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Bulgarian Fighter Colours 1919-1948 (Vol 2)

Bulgarian Fighter Colours 1919-1948 (Vol 2) Book Review

By David L. Veres

Date of Review January 2020 Title Bulgarian Fighter Colours 1919-1948 (Vol 2)
Author Dénes Bernád Publisher Mushroom Model Publications
Published 2019 ISBN 9788365958198
Format 264 pages, hardbound MSRP (GBP) £40.00

Review

Let’s cut to the chase: students of Eastern Front aerial warfare need this stunning survey.

Period.

Published by MMP and available in North America from Casemate, Dénes Bernád’s Bulgarian Fighter Colours 1919-1948 completes his superb, two-volume study with illuminating histories of three aircraft:

  • Messerschmitt Bf 109G Strela
  • Avia B-135
  • Dewoitine D.520

An brief fourth part recaps Bulgaria’s intriguing, but mysterious UMe-109 UStrela trainer – a G-6 iteration.

Gustavs remained Bulgaria’s most potent WWII fighter. And coverage of these understandably consumes half the book. Avias fell victim to decisions of Czechoslovakia’s Nazi occupiers. And Dewoitines proved, on balance, obsolescent.

The three main sections summarize each type’s acquisition, introduction, training, combat, serviceability, and fates. Coverage also details units, “‘adroit and plucky’” personnel, dates, codes, serials, victories, losses, claims, “trophy” aircraft, and more.

It’s full of fascinating facts.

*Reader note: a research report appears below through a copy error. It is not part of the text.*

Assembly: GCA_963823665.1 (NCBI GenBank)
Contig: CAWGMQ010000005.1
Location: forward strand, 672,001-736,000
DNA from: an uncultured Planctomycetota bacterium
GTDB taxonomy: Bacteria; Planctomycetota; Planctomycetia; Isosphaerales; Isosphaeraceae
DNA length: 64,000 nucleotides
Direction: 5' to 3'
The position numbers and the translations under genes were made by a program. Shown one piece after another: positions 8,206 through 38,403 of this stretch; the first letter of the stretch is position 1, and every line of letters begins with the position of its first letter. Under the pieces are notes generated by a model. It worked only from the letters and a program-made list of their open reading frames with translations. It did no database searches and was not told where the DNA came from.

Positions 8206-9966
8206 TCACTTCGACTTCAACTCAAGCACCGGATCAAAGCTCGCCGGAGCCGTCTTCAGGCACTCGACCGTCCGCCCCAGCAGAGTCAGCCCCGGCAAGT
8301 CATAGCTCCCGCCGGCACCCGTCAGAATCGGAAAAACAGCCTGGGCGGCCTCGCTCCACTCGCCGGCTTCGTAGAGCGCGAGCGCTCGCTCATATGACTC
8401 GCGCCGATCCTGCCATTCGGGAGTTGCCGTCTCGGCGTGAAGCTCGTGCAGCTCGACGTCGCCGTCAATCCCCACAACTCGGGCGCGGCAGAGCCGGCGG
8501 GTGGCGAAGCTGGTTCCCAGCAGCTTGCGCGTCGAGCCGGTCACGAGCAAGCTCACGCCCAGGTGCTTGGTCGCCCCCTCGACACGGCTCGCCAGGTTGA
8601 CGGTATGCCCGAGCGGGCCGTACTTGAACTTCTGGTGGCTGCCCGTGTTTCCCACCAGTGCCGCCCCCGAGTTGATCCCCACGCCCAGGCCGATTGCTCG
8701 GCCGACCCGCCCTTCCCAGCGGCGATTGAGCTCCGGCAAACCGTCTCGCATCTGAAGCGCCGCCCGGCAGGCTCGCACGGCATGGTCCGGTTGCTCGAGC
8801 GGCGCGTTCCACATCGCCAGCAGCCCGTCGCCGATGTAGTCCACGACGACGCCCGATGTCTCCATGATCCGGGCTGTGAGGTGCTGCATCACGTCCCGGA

What distinguished, for instance, Bulgarian-manned D.520s from French-operated machines? Page 175 discloses the detail. What made Avia B.135 development so “difficult” and discordant? Page 148 recaps the rancor. And when did the last Bulgarian Messerschmitt air-to-air kill occur? Page 107 supplies the surprising answer.

Hobbyists will definitely love it.

Hundreds of images – period B&W shots, current color photos, and profile & plan plates – illustrate the effort. Start planning that Bulgarian Gustav group-build.

Color & markings commentary, extended captions, archival excerpts, annotations, tables, and five appendices augment the account. And a selected bibliography of primary, secondary, and anecdotal sources completes coverage.

As with Volume 1, QR codes offer access to additional information in PDF format from mmpbook.biz. Just connect with a QR reader app on your smartphone or tablet – or manually retype MMP’s addresses into your browser.

What a stunning smorgasbord. I savored every page. Eastern Front aviation enthusiasts will go ga-ga. Grab both volumes.

Now how about a sequel on WWII Bulgarian bomber and attack aircraft? What do you say, Dénes Bernád?

Robustly recommended!

With thanks to MMP for the review copy.